Gabriel Perna has a great article on Healthcare Informatics discussing an EHR conversion that I hadn’t considered. What happens when a hospital system acquires another hospital system and they both use the Epic EHR? Here’s the challenge as described in the article:
“As we got into it, we realized Epic had done [a conversion from] IC Chart [InteGreat from Med3000] before, they had done Cerner-to-Epic conversions, they had done McKesson-to-Epic conversions. They had done those before, and they do them well. They hadn’t done Epic-to-Epic before. That was the area where they were least experienced in. It was a lot more work to do,” says [Bob] DeGrand, who assumed the position of CIO [of Froedtert Health] in January of 2009, a few months after the West Bend affiliation became official.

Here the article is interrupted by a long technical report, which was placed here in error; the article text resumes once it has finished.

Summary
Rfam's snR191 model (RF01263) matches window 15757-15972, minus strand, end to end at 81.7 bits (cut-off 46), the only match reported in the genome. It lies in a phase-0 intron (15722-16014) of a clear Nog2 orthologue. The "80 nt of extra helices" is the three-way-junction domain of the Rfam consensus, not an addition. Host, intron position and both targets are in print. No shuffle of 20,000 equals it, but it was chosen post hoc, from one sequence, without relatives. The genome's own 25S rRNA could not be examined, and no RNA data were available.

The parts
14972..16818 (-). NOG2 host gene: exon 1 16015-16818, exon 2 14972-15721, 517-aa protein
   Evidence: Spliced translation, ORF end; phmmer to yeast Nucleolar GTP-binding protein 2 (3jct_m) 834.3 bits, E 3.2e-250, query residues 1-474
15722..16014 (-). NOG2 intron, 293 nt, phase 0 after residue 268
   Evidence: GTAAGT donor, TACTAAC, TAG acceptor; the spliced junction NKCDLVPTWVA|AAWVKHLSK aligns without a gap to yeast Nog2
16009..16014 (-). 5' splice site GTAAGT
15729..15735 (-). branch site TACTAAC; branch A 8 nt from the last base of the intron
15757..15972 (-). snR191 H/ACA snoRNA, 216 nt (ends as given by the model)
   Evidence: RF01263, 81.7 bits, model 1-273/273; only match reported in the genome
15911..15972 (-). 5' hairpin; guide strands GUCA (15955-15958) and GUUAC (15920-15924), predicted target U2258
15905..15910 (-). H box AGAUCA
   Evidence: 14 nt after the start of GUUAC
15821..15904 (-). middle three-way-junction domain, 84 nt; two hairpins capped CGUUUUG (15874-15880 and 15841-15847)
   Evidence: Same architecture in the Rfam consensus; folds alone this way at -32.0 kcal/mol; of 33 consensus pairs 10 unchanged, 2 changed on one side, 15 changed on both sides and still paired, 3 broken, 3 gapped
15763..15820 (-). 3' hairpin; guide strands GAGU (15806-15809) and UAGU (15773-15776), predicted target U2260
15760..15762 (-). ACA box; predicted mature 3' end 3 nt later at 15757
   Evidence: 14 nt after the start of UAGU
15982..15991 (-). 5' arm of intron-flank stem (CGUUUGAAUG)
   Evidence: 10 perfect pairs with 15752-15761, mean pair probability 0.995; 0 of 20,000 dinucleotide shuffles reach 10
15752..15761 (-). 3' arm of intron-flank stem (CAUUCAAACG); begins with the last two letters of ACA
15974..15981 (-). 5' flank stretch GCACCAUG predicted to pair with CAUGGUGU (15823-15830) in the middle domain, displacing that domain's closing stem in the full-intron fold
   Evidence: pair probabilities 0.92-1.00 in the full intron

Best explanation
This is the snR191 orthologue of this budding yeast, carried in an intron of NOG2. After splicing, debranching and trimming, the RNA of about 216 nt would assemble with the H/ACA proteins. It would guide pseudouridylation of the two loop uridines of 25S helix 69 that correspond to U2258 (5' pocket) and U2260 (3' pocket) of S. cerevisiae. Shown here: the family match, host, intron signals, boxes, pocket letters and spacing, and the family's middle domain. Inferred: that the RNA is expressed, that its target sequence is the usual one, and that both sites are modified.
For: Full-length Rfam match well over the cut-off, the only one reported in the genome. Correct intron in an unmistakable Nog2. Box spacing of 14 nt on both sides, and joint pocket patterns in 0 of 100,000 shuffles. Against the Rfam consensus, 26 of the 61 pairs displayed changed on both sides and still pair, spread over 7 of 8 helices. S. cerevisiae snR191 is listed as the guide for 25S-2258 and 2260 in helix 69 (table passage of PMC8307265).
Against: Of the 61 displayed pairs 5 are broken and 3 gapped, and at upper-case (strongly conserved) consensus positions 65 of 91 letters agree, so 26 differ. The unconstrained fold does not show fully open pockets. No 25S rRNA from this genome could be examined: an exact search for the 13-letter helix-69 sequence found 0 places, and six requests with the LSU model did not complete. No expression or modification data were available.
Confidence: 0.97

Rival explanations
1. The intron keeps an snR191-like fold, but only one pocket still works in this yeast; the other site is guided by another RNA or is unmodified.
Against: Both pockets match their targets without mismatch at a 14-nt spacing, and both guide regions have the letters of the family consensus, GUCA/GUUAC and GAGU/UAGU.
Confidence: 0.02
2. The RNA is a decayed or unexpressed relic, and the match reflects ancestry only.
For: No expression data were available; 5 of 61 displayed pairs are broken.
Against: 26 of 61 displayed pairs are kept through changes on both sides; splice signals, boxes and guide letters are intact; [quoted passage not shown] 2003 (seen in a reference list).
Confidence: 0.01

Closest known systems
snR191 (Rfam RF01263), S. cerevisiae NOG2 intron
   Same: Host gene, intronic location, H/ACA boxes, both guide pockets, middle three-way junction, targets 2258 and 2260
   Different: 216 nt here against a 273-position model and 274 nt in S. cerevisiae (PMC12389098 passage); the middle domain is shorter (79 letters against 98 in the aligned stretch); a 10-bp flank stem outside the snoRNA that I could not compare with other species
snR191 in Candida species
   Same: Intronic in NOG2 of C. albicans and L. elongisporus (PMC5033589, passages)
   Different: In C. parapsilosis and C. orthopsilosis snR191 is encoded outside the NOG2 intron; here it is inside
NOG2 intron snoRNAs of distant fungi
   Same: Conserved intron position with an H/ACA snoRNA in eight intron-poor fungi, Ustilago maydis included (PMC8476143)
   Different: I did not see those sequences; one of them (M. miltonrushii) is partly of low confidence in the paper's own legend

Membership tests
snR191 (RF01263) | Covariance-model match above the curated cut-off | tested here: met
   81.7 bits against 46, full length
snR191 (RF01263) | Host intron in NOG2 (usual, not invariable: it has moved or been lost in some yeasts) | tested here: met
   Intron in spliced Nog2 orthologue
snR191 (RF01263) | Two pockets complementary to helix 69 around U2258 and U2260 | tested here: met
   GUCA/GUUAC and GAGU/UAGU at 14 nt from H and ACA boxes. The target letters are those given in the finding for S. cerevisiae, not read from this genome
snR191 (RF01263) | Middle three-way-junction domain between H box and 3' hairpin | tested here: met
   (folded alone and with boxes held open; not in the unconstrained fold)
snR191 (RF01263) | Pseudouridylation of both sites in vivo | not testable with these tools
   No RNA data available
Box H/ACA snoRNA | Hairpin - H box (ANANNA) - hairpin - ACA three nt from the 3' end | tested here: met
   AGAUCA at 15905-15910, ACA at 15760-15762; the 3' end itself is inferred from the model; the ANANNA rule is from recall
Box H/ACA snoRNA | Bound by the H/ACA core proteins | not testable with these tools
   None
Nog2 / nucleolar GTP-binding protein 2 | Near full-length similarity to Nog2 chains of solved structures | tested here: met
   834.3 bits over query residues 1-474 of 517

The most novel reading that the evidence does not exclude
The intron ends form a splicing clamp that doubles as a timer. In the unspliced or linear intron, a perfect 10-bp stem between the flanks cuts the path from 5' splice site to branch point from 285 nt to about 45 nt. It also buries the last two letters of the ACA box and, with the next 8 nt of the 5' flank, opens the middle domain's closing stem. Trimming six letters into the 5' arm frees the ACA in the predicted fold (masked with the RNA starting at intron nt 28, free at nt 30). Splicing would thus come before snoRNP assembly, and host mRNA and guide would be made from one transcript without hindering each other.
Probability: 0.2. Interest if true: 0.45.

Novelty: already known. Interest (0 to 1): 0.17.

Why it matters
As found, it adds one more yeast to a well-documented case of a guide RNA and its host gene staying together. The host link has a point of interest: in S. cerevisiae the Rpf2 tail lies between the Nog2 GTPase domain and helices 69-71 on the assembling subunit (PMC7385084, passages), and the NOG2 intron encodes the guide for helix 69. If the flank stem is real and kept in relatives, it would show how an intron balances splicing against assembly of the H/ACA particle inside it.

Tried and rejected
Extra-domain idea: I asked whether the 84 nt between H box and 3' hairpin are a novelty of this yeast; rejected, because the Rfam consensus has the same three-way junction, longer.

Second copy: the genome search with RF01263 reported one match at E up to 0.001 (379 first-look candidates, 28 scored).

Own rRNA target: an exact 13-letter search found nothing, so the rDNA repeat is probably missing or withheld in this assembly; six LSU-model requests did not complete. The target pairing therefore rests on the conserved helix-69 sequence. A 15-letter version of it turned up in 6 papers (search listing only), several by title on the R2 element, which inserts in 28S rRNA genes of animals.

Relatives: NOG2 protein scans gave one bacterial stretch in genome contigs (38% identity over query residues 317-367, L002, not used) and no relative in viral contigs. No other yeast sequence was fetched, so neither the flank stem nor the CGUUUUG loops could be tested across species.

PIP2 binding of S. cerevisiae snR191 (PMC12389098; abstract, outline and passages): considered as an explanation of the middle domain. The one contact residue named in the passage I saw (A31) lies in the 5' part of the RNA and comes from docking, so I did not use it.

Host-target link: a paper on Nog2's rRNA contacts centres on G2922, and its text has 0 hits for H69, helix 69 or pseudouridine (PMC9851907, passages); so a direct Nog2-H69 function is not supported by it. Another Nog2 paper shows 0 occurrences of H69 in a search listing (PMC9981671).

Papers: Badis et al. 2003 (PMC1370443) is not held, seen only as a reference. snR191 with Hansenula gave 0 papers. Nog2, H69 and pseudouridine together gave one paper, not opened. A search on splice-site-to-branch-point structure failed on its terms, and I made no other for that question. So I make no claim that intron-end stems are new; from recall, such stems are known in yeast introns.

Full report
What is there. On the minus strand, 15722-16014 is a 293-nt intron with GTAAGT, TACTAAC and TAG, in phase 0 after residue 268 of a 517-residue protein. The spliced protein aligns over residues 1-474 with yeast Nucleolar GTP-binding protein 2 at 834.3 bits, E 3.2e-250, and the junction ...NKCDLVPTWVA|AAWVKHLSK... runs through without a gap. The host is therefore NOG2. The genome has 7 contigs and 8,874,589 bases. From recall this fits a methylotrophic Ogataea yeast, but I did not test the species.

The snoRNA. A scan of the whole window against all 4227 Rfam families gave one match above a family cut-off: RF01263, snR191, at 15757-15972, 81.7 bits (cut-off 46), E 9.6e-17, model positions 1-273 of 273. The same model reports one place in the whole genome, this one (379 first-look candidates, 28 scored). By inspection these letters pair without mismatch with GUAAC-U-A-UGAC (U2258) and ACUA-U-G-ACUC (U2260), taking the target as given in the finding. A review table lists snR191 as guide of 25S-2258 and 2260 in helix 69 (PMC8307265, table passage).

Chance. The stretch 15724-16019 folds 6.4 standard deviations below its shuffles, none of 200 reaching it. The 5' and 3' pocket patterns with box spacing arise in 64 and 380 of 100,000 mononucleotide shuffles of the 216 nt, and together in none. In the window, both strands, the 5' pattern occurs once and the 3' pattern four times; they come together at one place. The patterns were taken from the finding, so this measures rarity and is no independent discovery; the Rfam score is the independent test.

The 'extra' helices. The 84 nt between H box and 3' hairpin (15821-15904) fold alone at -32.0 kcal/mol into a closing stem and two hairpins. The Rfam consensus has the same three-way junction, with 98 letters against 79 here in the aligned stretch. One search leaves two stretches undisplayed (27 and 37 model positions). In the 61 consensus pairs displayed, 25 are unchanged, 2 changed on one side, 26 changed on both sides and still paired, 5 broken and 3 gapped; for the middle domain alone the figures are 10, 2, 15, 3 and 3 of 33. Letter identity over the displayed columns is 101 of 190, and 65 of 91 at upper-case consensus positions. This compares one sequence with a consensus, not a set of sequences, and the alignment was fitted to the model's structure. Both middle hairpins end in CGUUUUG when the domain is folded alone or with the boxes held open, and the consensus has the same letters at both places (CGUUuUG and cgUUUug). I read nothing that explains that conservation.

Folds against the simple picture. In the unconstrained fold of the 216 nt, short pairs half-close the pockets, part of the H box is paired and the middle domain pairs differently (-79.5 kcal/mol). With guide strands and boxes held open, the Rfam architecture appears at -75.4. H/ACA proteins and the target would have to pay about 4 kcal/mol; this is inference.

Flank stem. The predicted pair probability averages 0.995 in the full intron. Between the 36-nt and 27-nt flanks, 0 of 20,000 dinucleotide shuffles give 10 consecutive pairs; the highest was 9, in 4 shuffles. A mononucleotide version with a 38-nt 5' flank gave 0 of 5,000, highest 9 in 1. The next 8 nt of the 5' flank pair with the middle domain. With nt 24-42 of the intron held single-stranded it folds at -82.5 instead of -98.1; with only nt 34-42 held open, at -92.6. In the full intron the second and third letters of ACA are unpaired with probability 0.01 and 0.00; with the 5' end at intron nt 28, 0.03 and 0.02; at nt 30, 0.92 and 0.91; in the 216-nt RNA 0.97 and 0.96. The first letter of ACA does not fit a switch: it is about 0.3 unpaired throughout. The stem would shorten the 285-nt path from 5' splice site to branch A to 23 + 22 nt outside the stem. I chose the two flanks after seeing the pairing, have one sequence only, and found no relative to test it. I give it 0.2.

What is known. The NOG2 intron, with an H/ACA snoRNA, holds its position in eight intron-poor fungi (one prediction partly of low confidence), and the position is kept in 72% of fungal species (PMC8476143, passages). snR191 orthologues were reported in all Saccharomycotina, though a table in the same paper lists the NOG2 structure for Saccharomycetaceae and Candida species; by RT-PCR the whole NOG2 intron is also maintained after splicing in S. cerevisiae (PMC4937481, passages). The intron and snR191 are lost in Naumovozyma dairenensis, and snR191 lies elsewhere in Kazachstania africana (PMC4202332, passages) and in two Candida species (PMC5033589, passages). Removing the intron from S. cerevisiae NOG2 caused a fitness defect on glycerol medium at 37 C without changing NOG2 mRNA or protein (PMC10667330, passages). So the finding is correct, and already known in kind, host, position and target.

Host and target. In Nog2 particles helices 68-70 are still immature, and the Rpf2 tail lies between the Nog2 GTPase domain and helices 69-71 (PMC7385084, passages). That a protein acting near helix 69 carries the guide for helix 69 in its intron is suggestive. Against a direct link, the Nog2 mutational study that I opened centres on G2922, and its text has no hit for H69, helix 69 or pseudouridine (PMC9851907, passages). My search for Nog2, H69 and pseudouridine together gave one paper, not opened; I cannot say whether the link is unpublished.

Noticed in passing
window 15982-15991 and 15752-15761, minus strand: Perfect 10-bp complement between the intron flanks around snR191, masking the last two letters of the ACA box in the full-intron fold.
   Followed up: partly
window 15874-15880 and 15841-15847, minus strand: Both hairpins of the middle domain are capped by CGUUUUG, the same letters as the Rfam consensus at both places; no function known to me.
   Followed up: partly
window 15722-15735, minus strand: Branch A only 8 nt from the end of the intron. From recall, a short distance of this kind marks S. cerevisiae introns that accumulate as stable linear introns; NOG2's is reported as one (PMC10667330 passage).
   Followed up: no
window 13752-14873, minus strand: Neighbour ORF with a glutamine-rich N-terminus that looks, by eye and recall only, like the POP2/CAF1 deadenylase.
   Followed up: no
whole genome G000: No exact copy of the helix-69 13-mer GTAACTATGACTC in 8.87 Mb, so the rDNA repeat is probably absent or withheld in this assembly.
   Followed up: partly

As we continue on our path of hospital system consolidation, this is going to become more and more of an issue. As those familiar with Epic know, every Epic installation is unique. I was recently told by someone that even within the all Epic Kaiser there are multiple Epic installations and they have a challenge communicating with each other. Now think about what that means if you’re trying to merged two different Epic installations.
The article also points out that one of the biggest challenges in a merge like this is overlapping patients and ensuring that you merge them properly. Patient identity is a big challenge in any hospital system, but even more important when you’re looking to merge two large hospital systems that have relatively close proximity with similar patient populations.
I’d be interested to hear from other people who might have gone through an Epic to Epic conversion. What challenges did you face? Would you have rather had a Cerner to Epic conversion?